Clicker App Rejected for CoverFlow private API use!?

UPDATE! Apple reversed their decision, and Presenter will be available on June 1st on the iPhone App Store!

(Also: Jonas Salling, of ‘Salling Clicker’ fame from 2003, kindly asked me to rename my app, Clicker, to avoid any possible confusion.)

 

 

Twenty-four days after submission, I received this email today, stating that Apple has rejected Clicker from the iPhone App Store.

Hello Alex,

Upon review of your application, Clicker cannot be posted to the App Store due to the usage of a non-public API.  Usage of non-public APIs, as outlined in the iPhone SDK Agreement section 3.3.1, is prohibited:

“3.3.1 Applications may only use Published APIs in the manner prescribed by Apple and must not use or call any unpublished or private APIs. ”

The non-public API that is included in your application comes from the CoverFlow API set.  A screenshot of this issue has been attached for your reference.

Regards,

iPhone Developer Program

img_0142

I absolutely did not use any unpublished or private APIs. Just like several other people, I wrote my own CoverFlow-like user interface completely from scratch using standard, public, Core Animation layer backed views. I was so paranoid with the approval process that I didn’t even use the Apple trademarked word, “CoverFlow”, in my app’s description.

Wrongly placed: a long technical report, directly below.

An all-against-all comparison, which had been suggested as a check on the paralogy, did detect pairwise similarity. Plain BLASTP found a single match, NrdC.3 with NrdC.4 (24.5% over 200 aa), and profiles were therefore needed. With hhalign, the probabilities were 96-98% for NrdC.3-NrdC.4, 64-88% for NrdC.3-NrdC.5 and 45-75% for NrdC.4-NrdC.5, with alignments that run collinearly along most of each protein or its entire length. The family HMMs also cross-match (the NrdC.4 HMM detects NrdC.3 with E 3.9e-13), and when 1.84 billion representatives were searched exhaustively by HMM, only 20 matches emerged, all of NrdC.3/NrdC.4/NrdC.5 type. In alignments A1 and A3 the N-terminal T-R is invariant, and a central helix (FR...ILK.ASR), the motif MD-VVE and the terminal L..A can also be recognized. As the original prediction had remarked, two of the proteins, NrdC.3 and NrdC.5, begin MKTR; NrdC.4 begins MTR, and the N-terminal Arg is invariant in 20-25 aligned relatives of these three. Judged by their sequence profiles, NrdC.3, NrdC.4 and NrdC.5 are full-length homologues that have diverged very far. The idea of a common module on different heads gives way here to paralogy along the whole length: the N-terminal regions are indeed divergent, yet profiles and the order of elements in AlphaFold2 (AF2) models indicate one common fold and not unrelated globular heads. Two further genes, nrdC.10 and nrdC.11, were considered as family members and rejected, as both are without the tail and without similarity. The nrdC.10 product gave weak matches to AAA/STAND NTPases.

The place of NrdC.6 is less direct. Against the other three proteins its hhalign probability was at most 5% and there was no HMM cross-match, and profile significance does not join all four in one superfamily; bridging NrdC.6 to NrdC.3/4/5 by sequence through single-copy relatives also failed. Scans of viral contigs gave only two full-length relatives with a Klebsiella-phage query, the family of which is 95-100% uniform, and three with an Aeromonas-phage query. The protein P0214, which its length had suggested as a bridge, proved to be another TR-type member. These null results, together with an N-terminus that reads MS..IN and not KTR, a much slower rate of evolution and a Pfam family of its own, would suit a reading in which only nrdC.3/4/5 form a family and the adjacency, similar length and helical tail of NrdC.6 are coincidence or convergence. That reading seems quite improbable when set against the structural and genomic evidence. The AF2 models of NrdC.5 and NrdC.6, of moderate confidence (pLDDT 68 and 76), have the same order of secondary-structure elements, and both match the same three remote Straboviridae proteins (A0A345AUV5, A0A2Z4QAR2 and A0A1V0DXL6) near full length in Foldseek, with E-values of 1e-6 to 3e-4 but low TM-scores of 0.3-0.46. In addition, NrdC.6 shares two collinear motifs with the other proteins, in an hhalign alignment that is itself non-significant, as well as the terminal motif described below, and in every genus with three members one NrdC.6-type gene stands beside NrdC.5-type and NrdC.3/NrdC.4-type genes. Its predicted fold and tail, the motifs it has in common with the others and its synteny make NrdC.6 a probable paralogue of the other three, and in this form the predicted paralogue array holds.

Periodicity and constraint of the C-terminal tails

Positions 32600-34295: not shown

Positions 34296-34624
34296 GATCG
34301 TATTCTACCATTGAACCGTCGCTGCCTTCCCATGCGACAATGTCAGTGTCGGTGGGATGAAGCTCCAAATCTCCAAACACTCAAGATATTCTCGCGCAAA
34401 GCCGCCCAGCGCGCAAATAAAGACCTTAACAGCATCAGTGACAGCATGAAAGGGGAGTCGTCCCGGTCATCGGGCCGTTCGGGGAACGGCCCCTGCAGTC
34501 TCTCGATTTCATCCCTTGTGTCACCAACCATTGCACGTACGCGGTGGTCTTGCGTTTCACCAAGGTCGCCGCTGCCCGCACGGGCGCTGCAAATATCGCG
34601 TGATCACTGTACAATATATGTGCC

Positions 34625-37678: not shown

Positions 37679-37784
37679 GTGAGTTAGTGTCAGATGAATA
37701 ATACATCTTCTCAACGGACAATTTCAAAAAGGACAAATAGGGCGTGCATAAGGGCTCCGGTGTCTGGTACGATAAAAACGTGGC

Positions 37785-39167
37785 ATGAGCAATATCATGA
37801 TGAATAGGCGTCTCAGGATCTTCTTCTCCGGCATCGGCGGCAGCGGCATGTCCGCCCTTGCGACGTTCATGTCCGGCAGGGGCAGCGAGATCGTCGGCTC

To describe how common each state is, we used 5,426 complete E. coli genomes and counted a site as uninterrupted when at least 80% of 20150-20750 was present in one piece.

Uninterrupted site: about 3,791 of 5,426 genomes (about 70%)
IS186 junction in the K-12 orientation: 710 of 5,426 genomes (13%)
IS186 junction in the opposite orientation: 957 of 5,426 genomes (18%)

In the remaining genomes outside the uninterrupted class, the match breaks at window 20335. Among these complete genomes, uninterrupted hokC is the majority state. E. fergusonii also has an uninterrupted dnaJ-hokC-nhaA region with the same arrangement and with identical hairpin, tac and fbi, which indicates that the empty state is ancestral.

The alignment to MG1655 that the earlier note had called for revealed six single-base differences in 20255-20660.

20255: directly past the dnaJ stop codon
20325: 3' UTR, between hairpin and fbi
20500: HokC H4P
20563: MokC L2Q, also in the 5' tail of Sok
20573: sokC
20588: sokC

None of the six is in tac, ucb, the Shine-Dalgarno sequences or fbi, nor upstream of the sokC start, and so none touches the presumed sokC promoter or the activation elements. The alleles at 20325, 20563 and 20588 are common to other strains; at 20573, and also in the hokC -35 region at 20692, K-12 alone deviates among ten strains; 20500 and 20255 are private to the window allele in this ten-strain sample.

Clicker controls PowerPoint or Keynote on your Mac. In Portrait mode, you can view speaker notes, change slides or control your computer’s mouse. Rotate your iPhone and in Landscape mode, you can flick through every slide in your presentation. Double tap to jump to that slide.

Check out this movie of the CoverFlow implementation in question.

I fully agree with Apple that third party iPhone apps should stick to only using Public API’s. Applications should not break because of an iPhone OS upgrade.

itunes-connect

I totally understand how easy it is to make a mistake like this, but I’m still frustrated Apple didn’t ask me about this earlier. (Sidenote: O’Reilley’s Safari Bookbag iPhone App was allowed to use Apple’s private CoverFlow API).

I’ve replied back to the iPhone Developer Program, waiting to hear what they say.


About this entry